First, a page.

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Henry Rich of The Oberon Group shares how the company is adapting while staying true to its roots.

Henry Rich, owner of The Oberon Group, talks staying true to a company’s values in times of crisis

How the operator of New York’s Rhodora, June and Rucola restaurants, as well as the Purslane catering company, is maintaining its zero-waste, eco-friendly ethos amid the business challenges brought on by coronavirus

The Oberon Group, based in New York, operates Rhodora, June and Rucola as well as Purslane catering company. Here, as part of our Stories from the Front Lines series, owner Henry Rich shares how the company is adapting while staying true to its roots.

The biggest challenge is adapting to so many shocks while needing to stay nimble on our feet. We abruptly lost our cash flow and our daily work routine, had to lay off our extended work families, while being under personal health and financial risk. In those same moments, we’re retooling all four of our businesses with new service offerings as fast as we can to keep our heads above water. 

Our mission has always been to serve our communities. Now we’re serving people in completely new ways. With Rhodora, we created a community around natural wine and sustainability so all current endeavors have built on that same philosophy: We’re now offering a weekly Rhodora Wine Club subscription as well as a weekly vegetable CSA [community supported agriculture, which is a subscription-based produce service]. Our in-person sustainability meet-ups have pivoted to online. All our physical concepts (Rhodora, June and Rucola) have shifted to online delivery platforms as well as wine retail shops.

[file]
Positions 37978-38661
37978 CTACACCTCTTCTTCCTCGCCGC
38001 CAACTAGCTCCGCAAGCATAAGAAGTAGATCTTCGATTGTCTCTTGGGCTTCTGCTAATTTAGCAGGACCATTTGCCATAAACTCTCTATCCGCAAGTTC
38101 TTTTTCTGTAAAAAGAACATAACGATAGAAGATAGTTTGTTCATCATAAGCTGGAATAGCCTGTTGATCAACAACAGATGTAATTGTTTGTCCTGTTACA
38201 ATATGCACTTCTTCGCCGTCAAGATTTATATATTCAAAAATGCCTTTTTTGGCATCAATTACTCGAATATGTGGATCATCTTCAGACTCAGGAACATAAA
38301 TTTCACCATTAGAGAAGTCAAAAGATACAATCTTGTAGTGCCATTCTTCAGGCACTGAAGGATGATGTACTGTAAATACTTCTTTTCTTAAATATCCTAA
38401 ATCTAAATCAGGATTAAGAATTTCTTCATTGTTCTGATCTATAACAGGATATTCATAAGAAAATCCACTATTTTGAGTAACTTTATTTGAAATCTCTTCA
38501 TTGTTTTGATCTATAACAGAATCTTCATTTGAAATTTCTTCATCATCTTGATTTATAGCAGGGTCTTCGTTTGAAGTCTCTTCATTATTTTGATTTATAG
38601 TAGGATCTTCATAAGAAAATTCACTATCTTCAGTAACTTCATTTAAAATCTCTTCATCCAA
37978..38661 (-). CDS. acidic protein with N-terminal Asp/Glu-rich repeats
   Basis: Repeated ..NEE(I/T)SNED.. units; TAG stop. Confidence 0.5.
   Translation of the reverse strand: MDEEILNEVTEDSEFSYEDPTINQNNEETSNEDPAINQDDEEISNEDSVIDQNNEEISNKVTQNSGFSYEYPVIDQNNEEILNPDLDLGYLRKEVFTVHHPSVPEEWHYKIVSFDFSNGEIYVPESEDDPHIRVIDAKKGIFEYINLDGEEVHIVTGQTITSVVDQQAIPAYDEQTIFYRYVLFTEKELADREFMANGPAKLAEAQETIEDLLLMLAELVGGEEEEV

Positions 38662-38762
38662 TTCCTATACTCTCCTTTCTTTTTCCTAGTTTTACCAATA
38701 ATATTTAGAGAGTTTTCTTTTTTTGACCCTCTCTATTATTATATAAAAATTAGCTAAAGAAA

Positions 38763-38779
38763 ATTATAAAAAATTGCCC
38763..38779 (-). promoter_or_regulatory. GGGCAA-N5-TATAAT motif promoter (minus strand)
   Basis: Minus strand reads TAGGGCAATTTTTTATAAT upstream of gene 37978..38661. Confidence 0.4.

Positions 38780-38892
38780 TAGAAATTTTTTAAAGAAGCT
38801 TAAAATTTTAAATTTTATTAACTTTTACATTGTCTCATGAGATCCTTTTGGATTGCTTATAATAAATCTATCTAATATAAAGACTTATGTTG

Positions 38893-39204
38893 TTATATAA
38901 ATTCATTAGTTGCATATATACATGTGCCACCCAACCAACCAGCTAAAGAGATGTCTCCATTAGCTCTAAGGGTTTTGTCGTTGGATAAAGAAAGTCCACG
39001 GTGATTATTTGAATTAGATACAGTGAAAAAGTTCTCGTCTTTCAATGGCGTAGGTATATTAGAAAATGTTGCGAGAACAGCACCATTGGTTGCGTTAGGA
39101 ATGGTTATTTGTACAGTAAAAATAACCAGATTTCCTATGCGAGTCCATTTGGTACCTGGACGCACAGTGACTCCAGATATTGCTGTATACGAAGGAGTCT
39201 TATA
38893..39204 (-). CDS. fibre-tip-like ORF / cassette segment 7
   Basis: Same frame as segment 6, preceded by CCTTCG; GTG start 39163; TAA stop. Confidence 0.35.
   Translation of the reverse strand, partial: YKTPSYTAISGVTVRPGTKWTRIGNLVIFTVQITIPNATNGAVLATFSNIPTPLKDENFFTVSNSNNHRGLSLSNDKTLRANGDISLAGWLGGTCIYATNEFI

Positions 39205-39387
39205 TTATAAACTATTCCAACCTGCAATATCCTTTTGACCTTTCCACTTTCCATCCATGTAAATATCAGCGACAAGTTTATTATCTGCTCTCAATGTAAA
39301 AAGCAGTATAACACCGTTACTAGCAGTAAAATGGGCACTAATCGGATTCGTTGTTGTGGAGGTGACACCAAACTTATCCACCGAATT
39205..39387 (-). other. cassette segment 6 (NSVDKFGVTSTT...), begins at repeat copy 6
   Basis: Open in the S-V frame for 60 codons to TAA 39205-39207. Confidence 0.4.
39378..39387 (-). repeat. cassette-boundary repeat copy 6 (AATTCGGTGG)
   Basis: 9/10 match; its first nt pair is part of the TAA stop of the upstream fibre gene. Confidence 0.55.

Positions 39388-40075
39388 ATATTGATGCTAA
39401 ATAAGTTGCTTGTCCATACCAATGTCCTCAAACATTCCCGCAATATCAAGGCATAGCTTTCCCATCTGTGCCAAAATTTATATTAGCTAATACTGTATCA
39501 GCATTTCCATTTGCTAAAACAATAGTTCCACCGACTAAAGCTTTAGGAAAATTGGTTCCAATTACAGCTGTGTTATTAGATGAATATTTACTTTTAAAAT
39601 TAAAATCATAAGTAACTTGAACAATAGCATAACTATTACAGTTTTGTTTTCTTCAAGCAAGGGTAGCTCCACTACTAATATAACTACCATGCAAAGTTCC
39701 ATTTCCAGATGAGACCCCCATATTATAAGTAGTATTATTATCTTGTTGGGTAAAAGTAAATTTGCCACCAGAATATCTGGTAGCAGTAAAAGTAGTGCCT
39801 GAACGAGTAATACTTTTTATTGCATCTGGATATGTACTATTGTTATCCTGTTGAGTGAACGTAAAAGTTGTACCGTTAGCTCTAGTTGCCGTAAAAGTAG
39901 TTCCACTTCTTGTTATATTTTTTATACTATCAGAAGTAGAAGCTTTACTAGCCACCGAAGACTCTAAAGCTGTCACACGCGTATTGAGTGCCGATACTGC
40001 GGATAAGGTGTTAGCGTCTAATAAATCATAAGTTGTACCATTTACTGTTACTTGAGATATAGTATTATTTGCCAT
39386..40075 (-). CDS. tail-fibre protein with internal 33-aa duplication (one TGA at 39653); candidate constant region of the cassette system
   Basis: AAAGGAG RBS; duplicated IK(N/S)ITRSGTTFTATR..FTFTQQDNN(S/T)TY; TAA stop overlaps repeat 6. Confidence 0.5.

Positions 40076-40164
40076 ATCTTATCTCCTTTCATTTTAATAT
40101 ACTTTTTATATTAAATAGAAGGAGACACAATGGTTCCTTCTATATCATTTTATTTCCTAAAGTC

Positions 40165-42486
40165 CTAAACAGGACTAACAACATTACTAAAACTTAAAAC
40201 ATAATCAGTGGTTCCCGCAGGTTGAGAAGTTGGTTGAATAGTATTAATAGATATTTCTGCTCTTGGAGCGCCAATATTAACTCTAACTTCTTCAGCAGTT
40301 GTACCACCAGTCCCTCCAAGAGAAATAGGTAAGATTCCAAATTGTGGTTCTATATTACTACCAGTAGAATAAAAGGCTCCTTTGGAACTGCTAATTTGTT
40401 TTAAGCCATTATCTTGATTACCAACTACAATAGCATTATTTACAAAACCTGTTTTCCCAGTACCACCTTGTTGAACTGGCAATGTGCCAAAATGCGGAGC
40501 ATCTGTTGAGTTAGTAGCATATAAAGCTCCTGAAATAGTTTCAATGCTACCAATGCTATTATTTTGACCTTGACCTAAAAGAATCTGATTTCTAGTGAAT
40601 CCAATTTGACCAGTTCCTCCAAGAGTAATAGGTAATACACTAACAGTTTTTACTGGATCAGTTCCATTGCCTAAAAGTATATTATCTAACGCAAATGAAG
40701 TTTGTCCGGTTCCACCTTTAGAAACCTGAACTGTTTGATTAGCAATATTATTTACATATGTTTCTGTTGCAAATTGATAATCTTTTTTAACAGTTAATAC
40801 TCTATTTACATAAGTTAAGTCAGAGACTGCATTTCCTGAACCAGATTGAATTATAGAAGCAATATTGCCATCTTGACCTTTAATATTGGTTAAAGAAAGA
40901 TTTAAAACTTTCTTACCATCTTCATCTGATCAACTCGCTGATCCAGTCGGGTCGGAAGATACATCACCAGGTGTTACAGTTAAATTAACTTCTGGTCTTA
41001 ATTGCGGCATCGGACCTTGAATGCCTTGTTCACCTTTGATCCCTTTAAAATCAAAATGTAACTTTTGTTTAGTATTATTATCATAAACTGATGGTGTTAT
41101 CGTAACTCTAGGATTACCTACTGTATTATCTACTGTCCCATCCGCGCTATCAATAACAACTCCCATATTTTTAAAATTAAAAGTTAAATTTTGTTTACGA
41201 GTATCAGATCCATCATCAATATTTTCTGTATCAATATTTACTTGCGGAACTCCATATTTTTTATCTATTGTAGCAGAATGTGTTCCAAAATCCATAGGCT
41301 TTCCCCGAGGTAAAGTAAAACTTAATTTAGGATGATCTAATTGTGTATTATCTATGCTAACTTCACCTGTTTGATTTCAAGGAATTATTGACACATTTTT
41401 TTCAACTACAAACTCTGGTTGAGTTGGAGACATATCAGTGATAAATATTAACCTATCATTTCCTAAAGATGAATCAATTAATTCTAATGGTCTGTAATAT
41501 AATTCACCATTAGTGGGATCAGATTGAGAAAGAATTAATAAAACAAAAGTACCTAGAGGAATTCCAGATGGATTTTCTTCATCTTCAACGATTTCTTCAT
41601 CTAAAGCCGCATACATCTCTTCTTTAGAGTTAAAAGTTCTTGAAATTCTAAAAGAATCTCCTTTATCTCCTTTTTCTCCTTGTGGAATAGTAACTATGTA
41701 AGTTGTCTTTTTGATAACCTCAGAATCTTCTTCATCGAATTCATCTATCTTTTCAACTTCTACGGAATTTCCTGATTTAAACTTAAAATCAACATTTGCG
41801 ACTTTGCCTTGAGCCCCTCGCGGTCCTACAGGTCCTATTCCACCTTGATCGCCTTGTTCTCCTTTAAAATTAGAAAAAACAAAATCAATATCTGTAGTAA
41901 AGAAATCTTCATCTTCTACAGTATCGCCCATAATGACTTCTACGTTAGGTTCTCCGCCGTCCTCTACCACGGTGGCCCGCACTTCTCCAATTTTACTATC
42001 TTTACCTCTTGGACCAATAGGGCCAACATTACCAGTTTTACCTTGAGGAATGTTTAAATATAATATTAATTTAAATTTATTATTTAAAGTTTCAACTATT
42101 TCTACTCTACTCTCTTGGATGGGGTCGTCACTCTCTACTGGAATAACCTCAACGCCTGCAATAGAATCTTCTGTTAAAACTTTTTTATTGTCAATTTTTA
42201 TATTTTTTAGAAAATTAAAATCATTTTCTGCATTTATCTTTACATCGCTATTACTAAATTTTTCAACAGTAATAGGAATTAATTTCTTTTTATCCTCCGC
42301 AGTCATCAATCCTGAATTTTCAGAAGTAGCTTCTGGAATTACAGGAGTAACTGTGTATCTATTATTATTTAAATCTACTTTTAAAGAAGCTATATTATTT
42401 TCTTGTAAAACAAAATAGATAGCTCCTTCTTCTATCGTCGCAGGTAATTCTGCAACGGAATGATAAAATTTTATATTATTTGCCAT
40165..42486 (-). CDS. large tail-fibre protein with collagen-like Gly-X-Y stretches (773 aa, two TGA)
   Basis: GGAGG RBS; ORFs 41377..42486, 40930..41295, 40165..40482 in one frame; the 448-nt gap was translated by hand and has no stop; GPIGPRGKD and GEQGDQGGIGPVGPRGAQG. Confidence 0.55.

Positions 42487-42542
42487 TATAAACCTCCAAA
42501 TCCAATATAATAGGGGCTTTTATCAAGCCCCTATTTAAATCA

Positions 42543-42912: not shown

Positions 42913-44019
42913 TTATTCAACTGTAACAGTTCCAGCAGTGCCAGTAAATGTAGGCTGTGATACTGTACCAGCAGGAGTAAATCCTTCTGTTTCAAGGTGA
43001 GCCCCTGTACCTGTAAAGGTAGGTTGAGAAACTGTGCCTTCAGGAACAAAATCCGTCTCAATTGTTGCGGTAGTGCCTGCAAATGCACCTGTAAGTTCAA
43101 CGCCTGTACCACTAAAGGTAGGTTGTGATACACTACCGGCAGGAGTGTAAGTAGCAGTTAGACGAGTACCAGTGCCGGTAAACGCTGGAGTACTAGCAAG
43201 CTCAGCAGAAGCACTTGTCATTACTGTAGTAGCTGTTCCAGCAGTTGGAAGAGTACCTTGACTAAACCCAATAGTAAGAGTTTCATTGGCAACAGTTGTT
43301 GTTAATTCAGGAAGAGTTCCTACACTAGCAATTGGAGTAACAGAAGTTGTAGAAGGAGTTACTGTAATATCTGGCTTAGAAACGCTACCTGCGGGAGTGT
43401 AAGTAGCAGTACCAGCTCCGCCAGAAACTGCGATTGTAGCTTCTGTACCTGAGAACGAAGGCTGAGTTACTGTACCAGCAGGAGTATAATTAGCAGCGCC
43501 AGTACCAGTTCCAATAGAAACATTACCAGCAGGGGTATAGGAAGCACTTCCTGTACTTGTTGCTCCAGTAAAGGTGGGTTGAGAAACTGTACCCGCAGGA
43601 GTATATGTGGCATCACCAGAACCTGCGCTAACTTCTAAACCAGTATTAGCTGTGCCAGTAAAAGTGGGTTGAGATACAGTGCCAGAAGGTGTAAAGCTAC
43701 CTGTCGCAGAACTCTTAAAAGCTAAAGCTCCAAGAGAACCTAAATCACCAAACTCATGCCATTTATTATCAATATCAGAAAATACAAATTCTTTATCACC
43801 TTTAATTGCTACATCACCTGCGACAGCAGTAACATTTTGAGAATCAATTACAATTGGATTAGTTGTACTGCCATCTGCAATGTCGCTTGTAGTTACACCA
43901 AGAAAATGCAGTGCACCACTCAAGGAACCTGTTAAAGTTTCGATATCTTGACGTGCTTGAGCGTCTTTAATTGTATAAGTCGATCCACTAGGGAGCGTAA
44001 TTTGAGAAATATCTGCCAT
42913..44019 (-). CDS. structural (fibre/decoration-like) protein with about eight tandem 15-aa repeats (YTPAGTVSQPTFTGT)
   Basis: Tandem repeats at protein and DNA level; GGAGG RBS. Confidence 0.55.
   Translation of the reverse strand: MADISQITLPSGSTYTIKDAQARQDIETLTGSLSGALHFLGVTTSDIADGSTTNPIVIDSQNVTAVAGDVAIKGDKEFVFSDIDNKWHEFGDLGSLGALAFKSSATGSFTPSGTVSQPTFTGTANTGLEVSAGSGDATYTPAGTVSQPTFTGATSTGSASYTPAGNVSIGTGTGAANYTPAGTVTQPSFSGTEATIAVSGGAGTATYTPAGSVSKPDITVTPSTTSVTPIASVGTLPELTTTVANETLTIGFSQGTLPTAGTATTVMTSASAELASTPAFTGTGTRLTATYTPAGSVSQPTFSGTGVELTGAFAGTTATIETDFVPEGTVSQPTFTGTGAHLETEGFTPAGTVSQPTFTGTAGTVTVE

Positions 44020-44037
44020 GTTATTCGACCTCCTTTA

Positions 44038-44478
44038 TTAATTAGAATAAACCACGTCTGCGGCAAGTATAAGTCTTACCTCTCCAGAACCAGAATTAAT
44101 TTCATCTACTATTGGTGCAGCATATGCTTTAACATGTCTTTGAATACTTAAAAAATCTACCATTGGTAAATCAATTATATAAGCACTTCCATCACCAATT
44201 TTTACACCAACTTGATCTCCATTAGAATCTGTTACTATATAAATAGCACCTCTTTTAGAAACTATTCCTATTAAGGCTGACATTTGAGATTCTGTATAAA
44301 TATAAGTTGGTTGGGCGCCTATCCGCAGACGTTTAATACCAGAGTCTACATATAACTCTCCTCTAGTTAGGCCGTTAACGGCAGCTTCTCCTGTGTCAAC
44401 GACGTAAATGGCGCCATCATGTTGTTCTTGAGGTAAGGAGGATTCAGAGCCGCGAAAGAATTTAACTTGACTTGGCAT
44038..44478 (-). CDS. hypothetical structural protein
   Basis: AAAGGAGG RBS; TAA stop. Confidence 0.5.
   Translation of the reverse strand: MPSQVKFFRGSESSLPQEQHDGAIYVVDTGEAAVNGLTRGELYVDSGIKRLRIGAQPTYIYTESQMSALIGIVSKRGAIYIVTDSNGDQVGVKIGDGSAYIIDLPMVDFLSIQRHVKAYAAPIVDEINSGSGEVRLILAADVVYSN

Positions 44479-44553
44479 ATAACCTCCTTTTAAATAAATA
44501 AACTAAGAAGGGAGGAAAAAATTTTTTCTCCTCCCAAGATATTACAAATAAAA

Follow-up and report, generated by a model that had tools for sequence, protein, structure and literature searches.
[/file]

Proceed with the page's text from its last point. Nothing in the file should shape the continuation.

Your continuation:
henry-rich.jpgThe biggest shift has been in our zero-waste and carbon-neutral catering company Purslane. Our typical functionality — celebrating with people in large groups such as weddings, corporate retreats, bar and bat mitzvahs and birthdays — has been completely put on pause. We’ve pivoted into Purslane Provisions, which provides food into people’s homes while continuing our sustainability ethos. We’re now offering weekly meal drops, a vegetable CSA program as well as pantry and specialty items to hopefully still be there for our guests and clients.

No one knows what will happen, but it’s clear that a great deal of rebuilding will be required across our industry. The question for us is how can we recreate around the fundamental values of our group: Helping limit the ecological cost of our industrial food system, taking greater ownership over our impact, and promoting carbon-neutral, zero-waste practices.

This is part of our Stories from the Front Lines series 

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